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Discovered in the Bering Sea, the huge, monogamous Steller’s sea cow lasted only 30 years before being hunted to extinction

Ian Harvey

In 1741, German naturalist Georg W. Steller traveled with Vitus Bering on his voyage in the North Pacific. On Bering’s Great Northern Expedition, the ocean area around the Alaskan mainland was discovered and then later named after him. The captain and crew of the exploration vessel became sick with scurvy and refused to accept the advice of Steller and his assistant, who were consuming berries and leaves from their visit to the Kayak Island. Eventually, with only a few crewmen to man the ship, it became shipwrecked on what is now called Bering Island.

Here, with what remained of the crew, Steller studied the local flora and fauna, including the sea cow. His notes are the only information gathered about the sea cow while it still existed. It was one of the sirenian mammals and lived in the shallow kelp beds around the Commander Islands. Many of the new animals and birds Steller recorded were named after him and not many continue to exist today. The area is a highly productive fishing ground these days; back then it would have teamed with sea life, including the now-extinct Steller sea cow.

Steller’s sea cow. Photo Credit

The Stellar sea cow was related to other sirenians such as the dugongs and manatees. It was the largest of them all and was thought to reach 8-10 tons and 9-10 meters in length. Due to the cold environment that it flourished in, it had a very thick layer of blubber for insulation. It lived in small family groups and fed only on kelp. As it was a slow moving creature, it was easily hunted into extinction and within thirty years of its discovery, the Steller sea cow existed no more.

It is thought that due to the cold area it lived in, it was stunted in growth; if it had lived in warmer waters, it would have been significantly bigger. It was a little different from other sirenians that survive today in that it was unable to submerge itself completely since its body was very buoyant. Its skin was very thick and this is thought to be an adaptation to prevent injury on sharp rocks.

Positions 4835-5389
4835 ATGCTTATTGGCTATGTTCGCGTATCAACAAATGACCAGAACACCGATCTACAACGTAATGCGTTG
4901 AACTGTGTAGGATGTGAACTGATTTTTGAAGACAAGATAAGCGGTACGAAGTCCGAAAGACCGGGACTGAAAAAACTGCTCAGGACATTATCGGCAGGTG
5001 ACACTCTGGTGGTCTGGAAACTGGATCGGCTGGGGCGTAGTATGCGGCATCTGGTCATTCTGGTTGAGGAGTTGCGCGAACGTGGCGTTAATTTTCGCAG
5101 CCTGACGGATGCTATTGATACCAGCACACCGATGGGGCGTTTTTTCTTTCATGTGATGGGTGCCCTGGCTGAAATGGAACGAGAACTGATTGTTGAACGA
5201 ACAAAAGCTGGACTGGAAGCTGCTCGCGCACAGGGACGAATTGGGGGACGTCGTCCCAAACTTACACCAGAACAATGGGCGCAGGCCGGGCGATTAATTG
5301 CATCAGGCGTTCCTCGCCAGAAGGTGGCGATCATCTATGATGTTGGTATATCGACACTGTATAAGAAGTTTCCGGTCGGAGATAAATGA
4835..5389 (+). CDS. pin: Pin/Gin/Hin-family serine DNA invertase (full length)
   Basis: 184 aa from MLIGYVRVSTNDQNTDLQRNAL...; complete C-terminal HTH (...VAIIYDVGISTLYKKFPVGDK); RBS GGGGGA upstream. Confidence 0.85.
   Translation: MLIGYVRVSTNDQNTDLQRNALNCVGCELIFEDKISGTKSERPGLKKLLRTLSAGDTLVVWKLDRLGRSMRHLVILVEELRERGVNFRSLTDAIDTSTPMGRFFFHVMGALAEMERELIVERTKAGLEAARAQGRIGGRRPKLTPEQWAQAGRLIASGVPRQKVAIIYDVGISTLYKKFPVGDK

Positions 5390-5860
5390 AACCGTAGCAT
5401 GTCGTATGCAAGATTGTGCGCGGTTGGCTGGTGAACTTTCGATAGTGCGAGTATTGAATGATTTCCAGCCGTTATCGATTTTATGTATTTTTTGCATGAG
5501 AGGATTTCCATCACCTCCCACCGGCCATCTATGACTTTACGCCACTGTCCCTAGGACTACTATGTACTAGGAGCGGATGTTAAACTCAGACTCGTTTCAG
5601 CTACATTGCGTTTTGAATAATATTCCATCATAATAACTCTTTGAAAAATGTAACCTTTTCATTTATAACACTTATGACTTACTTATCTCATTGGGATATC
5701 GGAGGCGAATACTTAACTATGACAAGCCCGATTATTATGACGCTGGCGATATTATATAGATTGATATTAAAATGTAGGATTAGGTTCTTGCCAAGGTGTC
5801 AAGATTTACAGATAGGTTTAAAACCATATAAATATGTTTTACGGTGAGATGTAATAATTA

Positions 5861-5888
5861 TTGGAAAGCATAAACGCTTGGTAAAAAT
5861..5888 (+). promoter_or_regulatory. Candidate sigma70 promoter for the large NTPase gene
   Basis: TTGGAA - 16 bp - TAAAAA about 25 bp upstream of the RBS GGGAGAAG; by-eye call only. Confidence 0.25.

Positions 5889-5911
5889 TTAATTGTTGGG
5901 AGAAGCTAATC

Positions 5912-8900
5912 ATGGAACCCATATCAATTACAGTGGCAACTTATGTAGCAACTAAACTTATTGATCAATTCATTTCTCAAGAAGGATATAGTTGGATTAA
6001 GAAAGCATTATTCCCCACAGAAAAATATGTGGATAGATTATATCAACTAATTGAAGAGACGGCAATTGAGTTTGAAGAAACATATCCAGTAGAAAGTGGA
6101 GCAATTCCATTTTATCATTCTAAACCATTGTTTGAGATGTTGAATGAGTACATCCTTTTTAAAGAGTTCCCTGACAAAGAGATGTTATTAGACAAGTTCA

The tail was forked like a dolphin’s tail, the head of the animal was quite small in comparison to the body, its tongue was rough and textured and it did not have teeth like the other sirenians but had stiff bristles and keratinous plates in its mouth for chewing. It had small eyes and long, wide nostrils; like sirenians of today it had no eyelids but used sphincters to close its eyes. According to Steller, the sea cow made no sound other than heavy breathing and deep sighs.

Steller’s sea cow Photo Credit

Steller’s sea cow Photo Credit

If it had predators other than humans, it is unknown. Scientists assume that the kelp beds would have protected them from sharks, but it is possible they may have been hunted by killer whales. Like the whale, this animal did have parasites, but as the samples were lost from Steller’s collection, no positive identification has been made of them.

Due to their not being able to submerge, the sea cows were easily harpooned. Russian seal hunters used them as valuable meat on long journeys, but some hunting was just wasteful. It was thought that there had been approximately 2,000 of these animals alive in 1741.

When Steller hunted and captured a female, he noted that the male attacked the boat and then followed them to shore, even though its mate was now dead. The rest of the group also attacked the boat and he observed them helping injured members of their group. Females were in calf for about a year; autumn was the most common time for the calf to be born. When it wanted to sleep, it swam into deeper water to prevent itself from being beached.

The body is oblong. On the left end is the head which is slightly smaller than the body, with a dot for an eye near the top. Just behind the head on the underside is an arm that bends back towards the tail.

The body is oblong. On the left end is the head which is slightly smaller than the body, with a dot for an eye near the top. Just behind the head on the underside is an arm that bends back towards the tail.

The Steller sea cow has been discovered to be the descendant of an extinct California tropical sea cow called the Cuesta sea cow. It is thought the Cuesta sea cow died out due to the coming of the ice age. Its descendants that were able to adapt eventually created the Steller sea cow, which could cope with colder water.

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The first bones of a Steller sea cow were discovered around 1840, in the area of the Commander Islands. By 2006, 27 almost-complete skeletons and 62 skulls existed in various museums and research facilities around the world.

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